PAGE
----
Mustela frenata. Photo by Donald Quintana. Used with permission.



Long-tailed Weasels can become very dangerous when hungry and have been known to devour its own siblings and offspring if necessary for its survival (DesertUSA 2014).

In cold conditions, Mustela frenata uses almost all of its food resources just to stay warm and for most of the day it will lye in a tight circle with its tailed wrapped around it to keep warm (DesertUSA 2014).

According to Life Histories of Northern Animals: Flesh-eaters, a man was once attacked by a cornered weasel and had to repeatedly remove the weasel from his body to get away (DesertUSA 2014)!

Mustela frenata releases a extremely foul odor that is nauseating to other mammals when alarmed (DesertUSA 2014).

The resting behavior of long tailed weasels include a phase where the weasel remains immobile for periods of time, but is not asleep (Sheffield and Thomas 1997).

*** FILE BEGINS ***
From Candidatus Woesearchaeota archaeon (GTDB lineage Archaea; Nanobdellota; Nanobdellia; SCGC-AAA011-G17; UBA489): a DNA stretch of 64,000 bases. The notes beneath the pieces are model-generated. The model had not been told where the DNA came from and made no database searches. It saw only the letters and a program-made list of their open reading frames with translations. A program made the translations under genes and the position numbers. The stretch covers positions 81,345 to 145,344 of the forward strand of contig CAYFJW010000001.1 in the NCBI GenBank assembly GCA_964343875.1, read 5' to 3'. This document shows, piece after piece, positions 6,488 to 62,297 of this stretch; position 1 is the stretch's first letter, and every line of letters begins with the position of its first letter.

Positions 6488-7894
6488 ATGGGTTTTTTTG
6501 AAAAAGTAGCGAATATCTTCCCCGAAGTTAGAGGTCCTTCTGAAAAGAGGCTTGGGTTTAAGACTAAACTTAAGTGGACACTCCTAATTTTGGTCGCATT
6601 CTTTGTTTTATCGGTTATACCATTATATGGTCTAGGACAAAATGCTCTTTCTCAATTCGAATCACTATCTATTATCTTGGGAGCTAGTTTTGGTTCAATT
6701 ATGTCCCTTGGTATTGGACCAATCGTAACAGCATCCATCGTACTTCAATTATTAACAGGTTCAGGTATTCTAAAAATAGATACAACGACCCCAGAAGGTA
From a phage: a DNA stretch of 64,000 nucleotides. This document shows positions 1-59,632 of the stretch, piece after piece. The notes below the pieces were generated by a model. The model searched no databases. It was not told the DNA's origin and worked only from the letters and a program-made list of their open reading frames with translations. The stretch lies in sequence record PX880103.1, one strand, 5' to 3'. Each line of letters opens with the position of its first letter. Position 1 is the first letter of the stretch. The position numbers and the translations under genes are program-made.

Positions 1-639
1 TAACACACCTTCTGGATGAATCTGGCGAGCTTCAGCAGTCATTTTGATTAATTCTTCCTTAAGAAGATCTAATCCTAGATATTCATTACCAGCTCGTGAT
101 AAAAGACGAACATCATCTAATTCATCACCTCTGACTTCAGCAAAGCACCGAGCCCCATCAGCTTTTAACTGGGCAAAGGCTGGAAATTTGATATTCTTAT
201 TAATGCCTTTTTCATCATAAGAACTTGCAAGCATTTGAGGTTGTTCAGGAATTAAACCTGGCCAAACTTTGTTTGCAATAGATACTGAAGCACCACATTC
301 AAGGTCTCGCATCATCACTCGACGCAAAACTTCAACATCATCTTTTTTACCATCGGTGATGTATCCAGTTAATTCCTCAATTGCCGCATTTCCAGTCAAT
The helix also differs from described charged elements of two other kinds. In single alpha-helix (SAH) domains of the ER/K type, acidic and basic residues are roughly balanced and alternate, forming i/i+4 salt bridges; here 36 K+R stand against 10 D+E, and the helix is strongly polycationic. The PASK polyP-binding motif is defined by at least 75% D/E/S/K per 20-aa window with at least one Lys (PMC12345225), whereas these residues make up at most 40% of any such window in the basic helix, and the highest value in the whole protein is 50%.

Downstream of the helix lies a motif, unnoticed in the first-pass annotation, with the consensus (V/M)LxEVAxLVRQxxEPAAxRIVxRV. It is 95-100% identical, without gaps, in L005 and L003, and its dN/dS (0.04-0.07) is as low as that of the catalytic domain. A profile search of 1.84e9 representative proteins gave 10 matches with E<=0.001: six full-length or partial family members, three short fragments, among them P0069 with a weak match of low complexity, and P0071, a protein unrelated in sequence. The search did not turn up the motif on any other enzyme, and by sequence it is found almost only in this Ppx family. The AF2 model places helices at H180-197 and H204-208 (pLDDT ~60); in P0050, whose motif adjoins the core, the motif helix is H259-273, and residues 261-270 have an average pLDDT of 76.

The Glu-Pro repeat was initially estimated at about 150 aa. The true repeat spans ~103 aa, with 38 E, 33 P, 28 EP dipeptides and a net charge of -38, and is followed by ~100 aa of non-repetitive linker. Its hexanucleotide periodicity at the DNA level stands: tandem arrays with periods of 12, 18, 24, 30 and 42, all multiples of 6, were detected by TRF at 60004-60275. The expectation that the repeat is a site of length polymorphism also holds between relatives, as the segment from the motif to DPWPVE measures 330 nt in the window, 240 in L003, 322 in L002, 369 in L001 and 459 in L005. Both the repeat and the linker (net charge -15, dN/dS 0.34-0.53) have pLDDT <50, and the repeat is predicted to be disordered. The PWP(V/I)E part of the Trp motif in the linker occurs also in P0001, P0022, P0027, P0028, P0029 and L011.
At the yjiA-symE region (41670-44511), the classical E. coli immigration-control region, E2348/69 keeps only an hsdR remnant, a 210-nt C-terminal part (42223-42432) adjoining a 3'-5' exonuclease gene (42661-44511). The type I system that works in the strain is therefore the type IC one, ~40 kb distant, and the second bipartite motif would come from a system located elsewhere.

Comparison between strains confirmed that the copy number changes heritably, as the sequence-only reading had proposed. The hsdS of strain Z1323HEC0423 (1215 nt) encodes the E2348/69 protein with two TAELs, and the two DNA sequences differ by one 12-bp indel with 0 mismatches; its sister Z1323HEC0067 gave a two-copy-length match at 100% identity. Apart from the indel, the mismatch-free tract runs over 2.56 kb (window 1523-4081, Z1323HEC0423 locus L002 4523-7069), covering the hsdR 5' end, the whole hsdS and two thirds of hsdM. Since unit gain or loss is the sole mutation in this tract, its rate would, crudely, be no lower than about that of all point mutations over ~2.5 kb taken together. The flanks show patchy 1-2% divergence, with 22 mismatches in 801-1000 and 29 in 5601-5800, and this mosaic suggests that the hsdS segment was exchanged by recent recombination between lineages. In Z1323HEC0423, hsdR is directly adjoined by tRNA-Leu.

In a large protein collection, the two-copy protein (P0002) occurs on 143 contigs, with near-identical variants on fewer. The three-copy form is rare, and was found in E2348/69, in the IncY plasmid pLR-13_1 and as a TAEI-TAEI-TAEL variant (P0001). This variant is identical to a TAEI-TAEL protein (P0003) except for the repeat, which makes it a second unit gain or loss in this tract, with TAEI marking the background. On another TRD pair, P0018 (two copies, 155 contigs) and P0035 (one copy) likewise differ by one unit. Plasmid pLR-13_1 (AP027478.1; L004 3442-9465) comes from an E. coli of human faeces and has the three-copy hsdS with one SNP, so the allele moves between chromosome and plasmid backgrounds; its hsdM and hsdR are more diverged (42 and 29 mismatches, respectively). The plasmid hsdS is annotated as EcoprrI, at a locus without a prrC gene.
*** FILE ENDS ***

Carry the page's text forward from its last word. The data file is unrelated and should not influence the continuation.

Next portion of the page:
At birth, weasels weigh around 3 grams (Animal Diversity Web 2002)!

The long-tailed wesel has the largest range of the Mustelid Genus in the entire Western Hemisphere (Sheffield and Thomas 1997).

Populations of Mustela frenata change frequently and even go extinct in certain areas or time based on availability prey (IUCN 2013).

The larger long-tailed weasel males are 2-4 times larger than the smallest females (Adirondack Ecological Center 1988).

Mustela frenata is beleived to be extremely sensitive to human activities such as agriculural fragmentation, the draining of wetlands and the use of pesticides (IUCN 2013).

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